Wednesday, 30 April 2014

Briar Rose by Jane Yolen

Briar Rose
by Jane Yolen

Summary: A retelling of the Sleeping Beauty tale finds Briar Rose living in forests patrolled by the German army during World War II in a dark tale of the Holocaust.

Ever since she was a child, Becca has been enchanted by her grandmother Gemma’s stories about Briar Rose. But a promise Becca makes to her dying grandmother will lead her on a remarkable journey to uncover the truth of Gemma’s astonishing claim: I am Briar Rose. A journey that will lead her to unspeakable brutality and horror. But also to redemption and hope.
I'm not sure what to think of this book really. It wasn't bad, it just wasn't particularly great either...it didn't get under my skin the way it should have and it felt like something was missing.

I think the problem was that the most interesting part of the story was weighed down by all this other stuff. Gemma was the interesting character, her story was interesting...but we didn't really get to that until the last 50-70 or so pages of the book (and even then, barely any of it was actually about her, she just appeared as a side character in someone else's story).

Becca (Gemma's granddaughter and the main character of the story) was really dull, I didn't dislike her, I just didn't care at all about her life. She was supposed to be a journalist, and yet things that should've been blatantly obvious--or at the very least, something she considered--she either took forever to figure out or had to have them spelled out to her by someone else...not very convincing as a journalist. Her relationship with Stan was really bland too and, again, I didn't care about it.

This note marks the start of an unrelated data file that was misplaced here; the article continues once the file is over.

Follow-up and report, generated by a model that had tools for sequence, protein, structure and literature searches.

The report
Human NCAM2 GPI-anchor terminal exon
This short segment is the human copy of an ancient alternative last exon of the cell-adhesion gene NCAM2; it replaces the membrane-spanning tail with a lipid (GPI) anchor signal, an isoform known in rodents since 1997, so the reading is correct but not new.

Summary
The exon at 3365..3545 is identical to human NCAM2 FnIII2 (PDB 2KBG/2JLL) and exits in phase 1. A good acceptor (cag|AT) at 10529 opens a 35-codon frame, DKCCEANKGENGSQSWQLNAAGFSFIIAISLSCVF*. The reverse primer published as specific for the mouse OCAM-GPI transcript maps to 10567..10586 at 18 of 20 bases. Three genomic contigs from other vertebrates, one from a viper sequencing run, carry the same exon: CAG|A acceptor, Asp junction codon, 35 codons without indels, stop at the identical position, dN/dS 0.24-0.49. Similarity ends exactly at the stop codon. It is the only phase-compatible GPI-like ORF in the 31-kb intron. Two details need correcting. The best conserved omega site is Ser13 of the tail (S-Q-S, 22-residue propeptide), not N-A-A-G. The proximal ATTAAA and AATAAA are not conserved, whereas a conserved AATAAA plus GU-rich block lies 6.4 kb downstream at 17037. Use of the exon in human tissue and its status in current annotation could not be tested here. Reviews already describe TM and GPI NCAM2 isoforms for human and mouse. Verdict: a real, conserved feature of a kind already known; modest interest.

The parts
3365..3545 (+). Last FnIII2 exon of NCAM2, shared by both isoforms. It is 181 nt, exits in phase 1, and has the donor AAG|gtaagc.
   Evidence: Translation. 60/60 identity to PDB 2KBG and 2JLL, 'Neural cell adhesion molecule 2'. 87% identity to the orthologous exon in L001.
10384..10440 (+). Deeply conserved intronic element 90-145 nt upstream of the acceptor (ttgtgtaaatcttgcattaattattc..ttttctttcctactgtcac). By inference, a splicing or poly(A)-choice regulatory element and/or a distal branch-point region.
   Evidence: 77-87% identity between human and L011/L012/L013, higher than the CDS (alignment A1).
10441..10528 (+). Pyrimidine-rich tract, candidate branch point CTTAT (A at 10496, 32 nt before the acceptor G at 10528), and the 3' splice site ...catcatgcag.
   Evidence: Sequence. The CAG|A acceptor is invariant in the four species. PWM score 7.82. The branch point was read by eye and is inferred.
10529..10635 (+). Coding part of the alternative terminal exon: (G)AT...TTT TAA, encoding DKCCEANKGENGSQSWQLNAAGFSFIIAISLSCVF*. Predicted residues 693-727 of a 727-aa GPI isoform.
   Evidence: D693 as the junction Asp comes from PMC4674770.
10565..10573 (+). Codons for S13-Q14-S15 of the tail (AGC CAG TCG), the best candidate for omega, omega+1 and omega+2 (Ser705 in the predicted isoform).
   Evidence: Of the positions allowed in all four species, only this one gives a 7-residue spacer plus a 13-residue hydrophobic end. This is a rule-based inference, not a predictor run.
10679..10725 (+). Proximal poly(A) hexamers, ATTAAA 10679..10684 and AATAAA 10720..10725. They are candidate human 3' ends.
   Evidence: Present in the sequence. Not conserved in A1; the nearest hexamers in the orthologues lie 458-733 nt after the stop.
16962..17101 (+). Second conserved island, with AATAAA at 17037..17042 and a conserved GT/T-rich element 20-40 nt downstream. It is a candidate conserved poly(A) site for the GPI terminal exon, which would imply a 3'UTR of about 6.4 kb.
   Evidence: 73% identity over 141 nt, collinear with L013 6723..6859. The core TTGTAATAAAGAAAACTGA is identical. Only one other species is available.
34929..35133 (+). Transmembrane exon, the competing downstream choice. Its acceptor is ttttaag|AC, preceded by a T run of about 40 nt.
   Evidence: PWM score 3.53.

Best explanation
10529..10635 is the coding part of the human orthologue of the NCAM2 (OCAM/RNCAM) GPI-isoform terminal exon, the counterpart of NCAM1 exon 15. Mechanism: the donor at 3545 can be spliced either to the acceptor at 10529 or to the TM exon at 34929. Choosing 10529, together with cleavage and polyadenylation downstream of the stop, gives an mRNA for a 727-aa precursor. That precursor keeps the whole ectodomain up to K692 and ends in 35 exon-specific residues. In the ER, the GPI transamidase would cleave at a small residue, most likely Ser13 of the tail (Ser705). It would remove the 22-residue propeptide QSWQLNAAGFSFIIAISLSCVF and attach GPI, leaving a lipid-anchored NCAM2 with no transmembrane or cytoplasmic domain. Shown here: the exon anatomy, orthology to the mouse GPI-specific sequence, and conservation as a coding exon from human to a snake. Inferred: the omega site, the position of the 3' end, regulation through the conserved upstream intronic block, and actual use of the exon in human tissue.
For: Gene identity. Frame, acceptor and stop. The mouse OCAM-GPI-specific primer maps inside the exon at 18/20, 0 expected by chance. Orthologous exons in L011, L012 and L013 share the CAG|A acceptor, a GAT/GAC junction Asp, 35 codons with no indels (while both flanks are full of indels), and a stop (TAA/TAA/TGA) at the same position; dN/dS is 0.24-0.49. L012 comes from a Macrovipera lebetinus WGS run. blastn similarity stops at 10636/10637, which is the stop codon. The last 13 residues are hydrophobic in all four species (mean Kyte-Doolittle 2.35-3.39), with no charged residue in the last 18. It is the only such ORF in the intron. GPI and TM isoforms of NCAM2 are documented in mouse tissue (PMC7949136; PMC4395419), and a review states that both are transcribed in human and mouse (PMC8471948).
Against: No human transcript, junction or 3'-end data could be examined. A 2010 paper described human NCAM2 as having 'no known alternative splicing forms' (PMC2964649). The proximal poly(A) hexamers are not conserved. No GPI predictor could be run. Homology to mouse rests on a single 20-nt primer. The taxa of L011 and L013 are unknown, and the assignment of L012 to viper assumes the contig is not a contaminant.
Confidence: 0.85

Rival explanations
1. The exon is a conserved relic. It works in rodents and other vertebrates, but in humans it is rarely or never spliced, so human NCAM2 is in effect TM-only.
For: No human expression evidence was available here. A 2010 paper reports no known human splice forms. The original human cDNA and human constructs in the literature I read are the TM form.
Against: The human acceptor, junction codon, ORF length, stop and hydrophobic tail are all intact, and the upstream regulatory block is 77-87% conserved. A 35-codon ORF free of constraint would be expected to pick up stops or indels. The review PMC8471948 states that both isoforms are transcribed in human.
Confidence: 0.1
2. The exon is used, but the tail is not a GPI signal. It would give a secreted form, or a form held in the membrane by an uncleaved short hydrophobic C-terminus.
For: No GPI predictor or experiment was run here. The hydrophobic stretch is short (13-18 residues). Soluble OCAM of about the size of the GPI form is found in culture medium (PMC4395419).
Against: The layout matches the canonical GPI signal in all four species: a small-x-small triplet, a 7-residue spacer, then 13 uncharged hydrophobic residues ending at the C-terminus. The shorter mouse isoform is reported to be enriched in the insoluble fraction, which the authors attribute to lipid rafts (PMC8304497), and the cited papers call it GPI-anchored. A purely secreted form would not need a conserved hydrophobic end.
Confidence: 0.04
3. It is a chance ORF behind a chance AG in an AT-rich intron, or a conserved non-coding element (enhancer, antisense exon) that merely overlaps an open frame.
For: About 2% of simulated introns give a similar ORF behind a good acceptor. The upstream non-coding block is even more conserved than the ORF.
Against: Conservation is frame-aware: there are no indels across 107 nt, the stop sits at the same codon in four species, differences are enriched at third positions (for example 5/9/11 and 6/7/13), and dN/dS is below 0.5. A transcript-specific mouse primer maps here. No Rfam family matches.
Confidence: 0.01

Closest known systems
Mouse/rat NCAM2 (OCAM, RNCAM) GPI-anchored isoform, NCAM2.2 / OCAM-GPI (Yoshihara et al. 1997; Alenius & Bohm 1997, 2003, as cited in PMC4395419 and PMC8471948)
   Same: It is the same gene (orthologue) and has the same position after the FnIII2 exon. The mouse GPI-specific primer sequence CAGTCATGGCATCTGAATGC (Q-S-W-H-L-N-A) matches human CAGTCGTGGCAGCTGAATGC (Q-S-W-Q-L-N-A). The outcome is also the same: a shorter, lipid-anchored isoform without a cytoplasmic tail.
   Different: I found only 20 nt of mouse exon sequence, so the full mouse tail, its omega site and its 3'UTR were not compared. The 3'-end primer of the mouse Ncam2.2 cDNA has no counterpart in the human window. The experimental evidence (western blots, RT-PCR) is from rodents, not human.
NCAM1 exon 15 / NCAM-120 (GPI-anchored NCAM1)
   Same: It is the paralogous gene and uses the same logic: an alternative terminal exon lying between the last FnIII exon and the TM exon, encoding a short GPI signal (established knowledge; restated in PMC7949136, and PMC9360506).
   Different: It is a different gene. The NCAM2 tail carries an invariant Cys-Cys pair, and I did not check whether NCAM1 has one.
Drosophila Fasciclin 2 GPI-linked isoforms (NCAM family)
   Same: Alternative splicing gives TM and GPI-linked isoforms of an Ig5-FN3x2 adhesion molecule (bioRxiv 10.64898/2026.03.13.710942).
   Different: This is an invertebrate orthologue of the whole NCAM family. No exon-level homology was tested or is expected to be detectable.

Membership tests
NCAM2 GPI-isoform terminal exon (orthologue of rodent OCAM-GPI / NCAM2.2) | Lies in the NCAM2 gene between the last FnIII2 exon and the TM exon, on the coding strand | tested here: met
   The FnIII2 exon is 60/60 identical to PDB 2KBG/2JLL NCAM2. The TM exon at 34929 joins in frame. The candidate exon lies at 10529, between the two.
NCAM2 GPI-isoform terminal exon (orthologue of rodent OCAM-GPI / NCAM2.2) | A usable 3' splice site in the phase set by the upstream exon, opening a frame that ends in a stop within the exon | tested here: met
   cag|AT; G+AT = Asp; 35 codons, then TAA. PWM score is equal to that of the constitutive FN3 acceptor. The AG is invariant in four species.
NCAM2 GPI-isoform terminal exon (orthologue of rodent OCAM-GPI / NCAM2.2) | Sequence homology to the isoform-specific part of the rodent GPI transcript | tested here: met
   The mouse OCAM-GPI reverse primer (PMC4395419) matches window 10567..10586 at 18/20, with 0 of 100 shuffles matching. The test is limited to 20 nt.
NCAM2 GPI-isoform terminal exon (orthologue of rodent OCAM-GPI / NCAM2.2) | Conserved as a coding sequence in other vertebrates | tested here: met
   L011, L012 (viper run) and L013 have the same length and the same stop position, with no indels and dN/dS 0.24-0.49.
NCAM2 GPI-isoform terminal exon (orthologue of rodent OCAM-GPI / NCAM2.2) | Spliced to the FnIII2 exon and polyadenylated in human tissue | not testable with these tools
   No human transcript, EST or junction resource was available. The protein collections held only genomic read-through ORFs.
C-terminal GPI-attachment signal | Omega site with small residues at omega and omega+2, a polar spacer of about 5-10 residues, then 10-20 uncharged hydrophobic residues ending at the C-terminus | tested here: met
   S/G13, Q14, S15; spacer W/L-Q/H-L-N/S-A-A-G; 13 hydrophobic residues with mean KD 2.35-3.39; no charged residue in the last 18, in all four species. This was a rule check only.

I just found the story boring and frustrating mostly. For such a short book it really dragged, anytime I thought it was picking up pace it would start dragging again. And something about one of the people Becca meets just seemed way too convenient.

I would've probably loved the book had it just been Gemma's story, or Gemma narrating her own story, because having Becca trying to figure it out and then us having to hear the story secondhand dulled the impact that a story like that should've had. Even the flashbacks of Gemma telling the Sleeping Beauty story were ruined by being so disjointed--little bits of it scattered randomly throughout the book, and even those bits were annoyingly interrupted by Becca and her sisters.

So...yeah. It's not a bad book, just more forgettable than a book with this sort of subject matter should be. Most of the story was uninteresting to me and the parts that should have been interesting weren't as hard-hitting as they should've been (either because of the way they were told, or because they were overshadowed by all the other stuff).

I'd rate the book 2.5 out of 5 stars, but maybe you'll have more luck with it than I did.

Later.

2 comments:

  1. I had the opposite reaction to this one. I wonder if it has to do with whether you prefer a character- or plot-driven book? In any case, I'm sorry it didn't work for you. May your next read be more inspiring!

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    Replies
    1. I can enjoy books that are plot or character driven really, I don't have a preference.

      I think the problem I had with this one was that the only character I actually cared about was Gemma (young Gemma) and her story was the only part of the plot that interested me, the rest of the plot was just dull and poorly executed and the other characters were pretty bland and that was the stuff that made up the majority of the book.

      But, I'm glad you enjoyed it. I've seen mixed reviews of it so it seems to be either a hit or miss with people. :)

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